My first httpd server was really intended to serve Gopher
The first web server I ever ran wasn't really a web server. It was something which really existed first and foremost for Gopher, and apparently had HTTP support bolted onto it. Remember Gopher? The way it worked wasn't too far off.
Gopher ran on port 70. At the simplest level, you'd connect to it, fire off a path, and it would send you a reply with the contents. That's it. You didn't have all of these GET and POST things and other "verbs" which would come along in HTTP.
So now imagine the "0.9" flavor of HTTP. You'd connect to port 80, send "GET /path" and would immediately get the contents. When you send a request without the usual "HTTP/1.0" or whatever version on the end, the server does not wait for you to tell it anything else. Instead, it immediately serves a response. Try this against a modern HTTP server even today. It should still just work.
Given that Gopher and this early flavor of HTTP were pretty similar, it's not much of a stretch to see how the same server could handle both. I saw this as a feature and decided to use it when it was time to put up a server. We wanted to support both kinds of clients, so why not?
My users weren't totally thrilled by this server, however. Due to its Gopher heritage, it had the restriction that it would only serve up files which were in the "menu" file. Normally, this was a good thing, since that allowed you to define exactly what would go out in the Gopher menus. However, the HTTP side of the world didn't roll that way. People wanted to be able to drop batches of files into directories and have them just work.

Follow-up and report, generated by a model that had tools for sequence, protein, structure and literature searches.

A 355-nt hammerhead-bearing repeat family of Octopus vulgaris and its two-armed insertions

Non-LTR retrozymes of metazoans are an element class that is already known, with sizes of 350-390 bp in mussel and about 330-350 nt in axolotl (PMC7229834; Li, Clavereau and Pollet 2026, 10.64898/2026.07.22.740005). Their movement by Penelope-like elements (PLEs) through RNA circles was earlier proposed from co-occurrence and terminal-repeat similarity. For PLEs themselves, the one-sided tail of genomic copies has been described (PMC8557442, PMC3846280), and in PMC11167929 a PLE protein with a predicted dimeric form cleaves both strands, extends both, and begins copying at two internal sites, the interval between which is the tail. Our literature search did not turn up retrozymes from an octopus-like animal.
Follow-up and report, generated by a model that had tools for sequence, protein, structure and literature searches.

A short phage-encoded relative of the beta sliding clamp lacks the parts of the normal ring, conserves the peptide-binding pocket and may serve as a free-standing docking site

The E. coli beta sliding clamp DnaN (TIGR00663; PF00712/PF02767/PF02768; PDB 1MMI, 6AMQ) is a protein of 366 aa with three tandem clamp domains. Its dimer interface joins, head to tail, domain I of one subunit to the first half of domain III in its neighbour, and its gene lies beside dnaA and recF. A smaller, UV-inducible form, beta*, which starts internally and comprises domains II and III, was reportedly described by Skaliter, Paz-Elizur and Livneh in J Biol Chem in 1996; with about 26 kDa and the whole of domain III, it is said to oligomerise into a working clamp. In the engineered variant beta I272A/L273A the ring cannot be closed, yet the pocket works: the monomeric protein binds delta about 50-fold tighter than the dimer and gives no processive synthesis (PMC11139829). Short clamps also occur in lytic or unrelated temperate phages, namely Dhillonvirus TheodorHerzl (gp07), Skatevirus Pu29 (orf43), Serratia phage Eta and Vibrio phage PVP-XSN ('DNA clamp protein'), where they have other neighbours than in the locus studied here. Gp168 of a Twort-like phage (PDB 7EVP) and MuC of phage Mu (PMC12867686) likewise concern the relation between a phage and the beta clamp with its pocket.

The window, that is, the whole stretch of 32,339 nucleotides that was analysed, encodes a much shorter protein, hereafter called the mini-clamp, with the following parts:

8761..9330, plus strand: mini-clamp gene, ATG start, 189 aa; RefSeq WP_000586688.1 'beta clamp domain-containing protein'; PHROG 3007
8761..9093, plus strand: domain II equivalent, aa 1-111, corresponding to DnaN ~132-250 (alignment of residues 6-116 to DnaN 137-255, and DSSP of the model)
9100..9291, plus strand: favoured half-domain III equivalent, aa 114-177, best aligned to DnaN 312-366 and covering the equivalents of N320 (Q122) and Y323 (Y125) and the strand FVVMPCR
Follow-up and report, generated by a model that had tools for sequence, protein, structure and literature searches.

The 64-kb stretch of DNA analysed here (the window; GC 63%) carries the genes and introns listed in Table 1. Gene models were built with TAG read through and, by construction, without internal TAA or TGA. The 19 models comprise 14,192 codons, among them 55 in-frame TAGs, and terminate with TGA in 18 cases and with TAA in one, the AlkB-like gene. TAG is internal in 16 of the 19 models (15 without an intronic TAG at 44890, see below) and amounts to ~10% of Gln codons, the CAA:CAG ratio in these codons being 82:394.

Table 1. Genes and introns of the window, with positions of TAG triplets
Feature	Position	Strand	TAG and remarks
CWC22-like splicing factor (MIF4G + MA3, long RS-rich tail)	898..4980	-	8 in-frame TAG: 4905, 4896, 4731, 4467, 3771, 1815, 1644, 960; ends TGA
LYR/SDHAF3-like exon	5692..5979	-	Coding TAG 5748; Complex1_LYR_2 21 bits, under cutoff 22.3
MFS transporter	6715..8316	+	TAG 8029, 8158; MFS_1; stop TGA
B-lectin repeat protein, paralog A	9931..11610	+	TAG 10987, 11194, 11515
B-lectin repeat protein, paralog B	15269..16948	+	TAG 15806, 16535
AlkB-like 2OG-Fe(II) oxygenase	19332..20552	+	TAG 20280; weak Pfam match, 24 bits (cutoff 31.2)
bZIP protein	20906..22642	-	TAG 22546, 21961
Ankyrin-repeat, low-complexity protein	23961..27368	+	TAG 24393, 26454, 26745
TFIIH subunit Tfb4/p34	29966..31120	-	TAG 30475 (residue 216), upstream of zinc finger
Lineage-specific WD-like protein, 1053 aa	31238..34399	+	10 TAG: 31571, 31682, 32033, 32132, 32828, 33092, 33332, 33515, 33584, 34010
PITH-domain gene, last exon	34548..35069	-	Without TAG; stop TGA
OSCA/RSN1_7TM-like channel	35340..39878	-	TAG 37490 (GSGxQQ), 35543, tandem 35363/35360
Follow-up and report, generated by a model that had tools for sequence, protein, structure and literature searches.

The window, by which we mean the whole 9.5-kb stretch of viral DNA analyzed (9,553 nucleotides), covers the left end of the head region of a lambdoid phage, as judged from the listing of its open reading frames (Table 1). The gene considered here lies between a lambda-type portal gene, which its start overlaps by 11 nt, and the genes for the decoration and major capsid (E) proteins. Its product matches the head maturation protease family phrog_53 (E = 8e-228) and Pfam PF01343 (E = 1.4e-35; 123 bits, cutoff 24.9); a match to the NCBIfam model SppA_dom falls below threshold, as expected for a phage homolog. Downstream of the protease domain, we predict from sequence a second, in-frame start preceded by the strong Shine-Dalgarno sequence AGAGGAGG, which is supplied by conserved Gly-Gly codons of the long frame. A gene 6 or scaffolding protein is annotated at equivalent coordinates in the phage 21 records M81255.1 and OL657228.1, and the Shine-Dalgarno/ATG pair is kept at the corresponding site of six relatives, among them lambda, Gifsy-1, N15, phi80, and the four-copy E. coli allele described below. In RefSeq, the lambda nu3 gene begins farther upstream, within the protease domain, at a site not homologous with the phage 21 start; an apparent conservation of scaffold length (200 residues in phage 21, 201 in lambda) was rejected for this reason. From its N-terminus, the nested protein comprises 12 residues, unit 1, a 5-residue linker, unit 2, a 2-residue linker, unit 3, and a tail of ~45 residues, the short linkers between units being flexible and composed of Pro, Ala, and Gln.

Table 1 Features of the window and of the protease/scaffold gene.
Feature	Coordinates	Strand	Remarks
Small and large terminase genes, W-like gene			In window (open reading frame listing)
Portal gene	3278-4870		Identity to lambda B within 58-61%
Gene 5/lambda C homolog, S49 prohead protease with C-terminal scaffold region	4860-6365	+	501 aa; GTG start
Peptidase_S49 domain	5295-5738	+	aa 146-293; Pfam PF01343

In other words, with this server, you couldn't just drop IMG SRC=... into your page and have it work. You also had to go into the menu file and add that image so that it would be allowed to serve it. Otherwise, visitors to your page would get a broken image instead. This "doing stuff in two places" thing was excessively annoying.
Then again, it was 1994. I guess just having a web site running in those days was no small feat. Within a year or so, we had moved things over to NCSA httpd and then to the Netscape httpd. (Yes, they used to make a server, too.) This made things behave more like what people expected, and that was that.
As for Gopher, I think we realized that nobody really cared and just shut it down. Nobody complained.